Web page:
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Famed Egyptologists Dr. Nicholas Reeves and Dr. Zahi Hawass to visit Tut exhibition in New York
Dr. Nicholas Reeves.

NEW YORK, NY.- Two of the world's best-known Egyptologists, Dr. Zahi Hawass and Dr. Nicholas Reeves, will visit The Discovery of King Tut, the exhibition which recreates the tomb of King Tut and the treasures found within, for special events open to the public on January 14 and 18. Dr. Hawass and Dr. Reeves are both renowned for their ongoing research regarding Tutankhamen's tomb, and Dr. Reeves has recently been making headlines for his theory that the mummy of Queen Nefertiti lies behind a wall of that very tomb. The Discovery of King Tut, located at Premier Exhibitions 5th Avenue, 417 5th Ave. (at 37th Street) in New York, recreates the tomb and its contents as they were discovered in by Howard Carter in 1922.

On Thursday, January 14 at 11AM, Dr. Hawass will be present at the exhibition for a signing of his new book about King Tut, The Golden Boy: History for Kids. The new book is currently available for purchase exclusively at The Discovery of King Tut; it will be available for purchase via Amazon and other online retailers beginning February 15. With the purchase of the book visitors will receive a free family package (four complimentary passes), to visit the exhibition until May 1st. That evening, at 7:00PM, Dr. Hawass will deliver a lecture at The New York Society for Ethical Culture (2 West 64th Street, NYC).

The following Monday, January 18 at 1:00 PM, Dr. Reeves will lead a gallery talk at the exhibition, focusing on the rich history of the tomb and his theory that the mummy of Queen Nefertiti may reside within its walls. The gallery talk is free with the purchase of a ticket to the exhibition. In commemoration of Martin Luther King, Jr. Day, tickets on January 18 will be priced at $15.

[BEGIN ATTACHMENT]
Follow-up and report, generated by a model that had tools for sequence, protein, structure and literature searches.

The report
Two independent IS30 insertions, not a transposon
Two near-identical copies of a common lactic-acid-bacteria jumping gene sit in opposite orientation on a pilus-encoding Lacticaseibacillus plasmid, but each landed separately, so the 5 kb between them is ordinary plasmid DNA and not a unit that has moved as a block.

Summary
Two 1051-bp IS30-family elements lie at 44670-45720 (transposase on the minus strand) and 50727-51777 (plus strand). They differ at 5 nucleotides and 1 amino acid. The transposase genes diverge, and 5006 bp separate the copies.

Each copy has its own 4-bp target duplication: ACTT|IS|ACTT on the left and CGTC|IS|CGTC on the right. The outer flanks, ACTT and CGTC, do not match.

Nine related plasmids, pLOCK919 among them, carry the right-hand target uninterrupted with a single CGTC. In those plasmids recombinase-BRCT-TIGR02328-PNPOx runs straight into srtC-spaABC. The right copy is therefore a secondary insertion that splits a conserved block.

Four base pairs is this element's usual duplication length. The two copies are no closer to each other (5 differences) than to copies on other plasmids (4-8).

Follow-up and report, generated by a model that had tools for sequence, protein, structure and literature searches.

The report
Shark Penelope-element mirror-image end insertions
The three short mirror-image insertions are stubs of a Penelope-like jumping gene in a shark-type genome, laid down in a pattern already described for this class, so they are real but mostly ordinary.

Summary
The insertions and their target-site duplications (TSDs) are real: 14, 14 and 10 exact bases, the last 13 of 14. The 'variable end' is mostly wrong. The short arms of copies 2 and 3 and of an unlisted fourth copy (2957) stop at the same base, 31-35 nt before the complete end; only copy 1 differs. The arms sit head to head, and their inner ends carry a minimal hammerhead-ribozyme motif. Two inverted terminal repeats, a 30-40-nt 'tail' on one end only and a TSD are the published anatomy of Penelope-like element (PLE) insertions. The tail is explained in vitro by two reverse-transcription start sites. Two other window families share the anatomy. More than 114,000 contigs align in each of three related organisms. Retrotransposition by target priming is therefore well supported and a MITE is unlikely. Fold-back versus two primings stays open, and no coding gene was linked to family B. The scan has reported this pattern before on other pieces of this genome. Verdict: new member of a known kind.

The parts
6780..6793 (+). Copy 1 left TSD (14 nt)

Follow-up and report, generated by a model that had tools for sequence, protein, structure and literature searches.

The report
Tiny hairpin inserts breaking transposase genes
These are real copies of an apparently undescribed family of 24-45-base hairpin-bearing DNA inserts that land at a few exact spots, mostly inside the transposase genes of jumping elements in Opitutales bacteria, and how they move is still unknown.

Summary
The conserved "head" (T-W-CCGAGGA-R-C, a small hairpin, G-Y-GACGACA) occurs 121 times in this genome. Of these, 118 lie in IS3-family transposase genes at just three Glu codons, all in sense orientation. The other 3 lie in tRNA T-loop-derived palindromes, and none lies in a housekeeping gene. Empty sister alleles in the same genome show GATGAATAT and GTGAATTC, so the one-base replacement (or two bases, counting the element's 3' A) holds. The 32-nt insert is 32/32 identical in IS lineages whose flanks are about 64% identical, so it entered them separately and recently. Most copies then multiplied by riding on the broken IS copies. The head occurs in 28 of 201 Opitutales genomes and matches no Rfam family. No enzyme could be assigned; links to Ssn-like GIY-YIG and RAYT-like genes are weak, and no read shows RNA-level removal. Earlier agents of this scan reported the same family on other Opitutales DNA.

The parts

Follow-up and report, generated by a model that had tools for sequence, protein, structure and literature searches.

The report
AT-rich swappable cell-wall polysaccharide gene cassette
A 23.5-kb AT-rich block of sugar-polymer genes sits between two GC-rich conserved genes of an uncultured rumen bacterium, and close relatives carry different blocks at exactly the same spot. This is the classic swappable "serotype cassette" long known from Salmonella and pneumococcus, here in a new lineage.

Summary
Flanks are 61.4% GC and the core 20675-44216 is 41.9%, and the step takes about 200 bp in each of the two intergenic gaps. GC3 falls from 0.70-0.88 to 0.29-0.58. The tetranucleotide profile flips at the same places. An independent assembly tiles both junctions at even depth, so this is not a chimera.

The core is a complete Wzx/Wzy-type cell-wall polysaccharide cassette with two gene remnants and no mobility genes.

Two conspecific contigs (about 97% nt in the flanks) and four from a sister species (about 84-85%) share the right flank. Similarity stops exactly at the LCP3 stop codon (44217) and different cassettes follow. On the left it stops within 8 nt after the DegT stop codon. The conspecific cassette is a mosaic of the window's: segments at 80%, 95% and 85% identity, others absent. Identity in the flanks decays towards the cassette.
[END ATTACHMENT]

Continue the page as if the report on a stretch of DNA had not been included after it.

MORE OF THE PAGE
Seen by millions of visitors worldwide, The Discovery of King Tut takes visitors back more than 3,000 years to trace the story of the boy king who reigned for a decade and died suddenly at age 19. This thrillingly unique experience explores the legendary tomb and its treasures as they were at the exact moment of their discovery. Visitors can feel the rush of excitement as they step into a moment only ever witnessed by Howard Carter's excavation team, view more than 1000 precisely crafted replicas and reconstructions and discover the story behind one of the most iconic moments in history.

The tomb's magnificent burial goods have been reproduced exactly down to the finest detail by expert Egyptian craftsmen and renowned Egyptologists. These exquisitely crafted replicas and reconstructions, allow visitors to step into the wonder of the discovery as if the original excavation in the Valley of the Kings has been reopened. Crucially, the exhibition also brings together a collection that can only be seen separately elsewhere, even in Egypt: because the king's treasures are kept in the Cairo Museum. In addition, Tutankhamun's beautifully painted tomb in the Valley of the Kings has been stripped of everything but his mummy, the outer coffin and the stone sarcophagus. By contrast, the exhibition experience culminates in exact reconstructions of three chambers from Tutankhamun's tomb, revealing themselves just as the discoverers saw them. A radioplay-like audio tour based on Howard Carter's diaries, video documentaries, extensive texts and object descriptions and unhindered access to the objects together provide an exciting, as well as informative, experience for all the senses. The Discovery of King Tut is scheduled to run through May 1, 2016.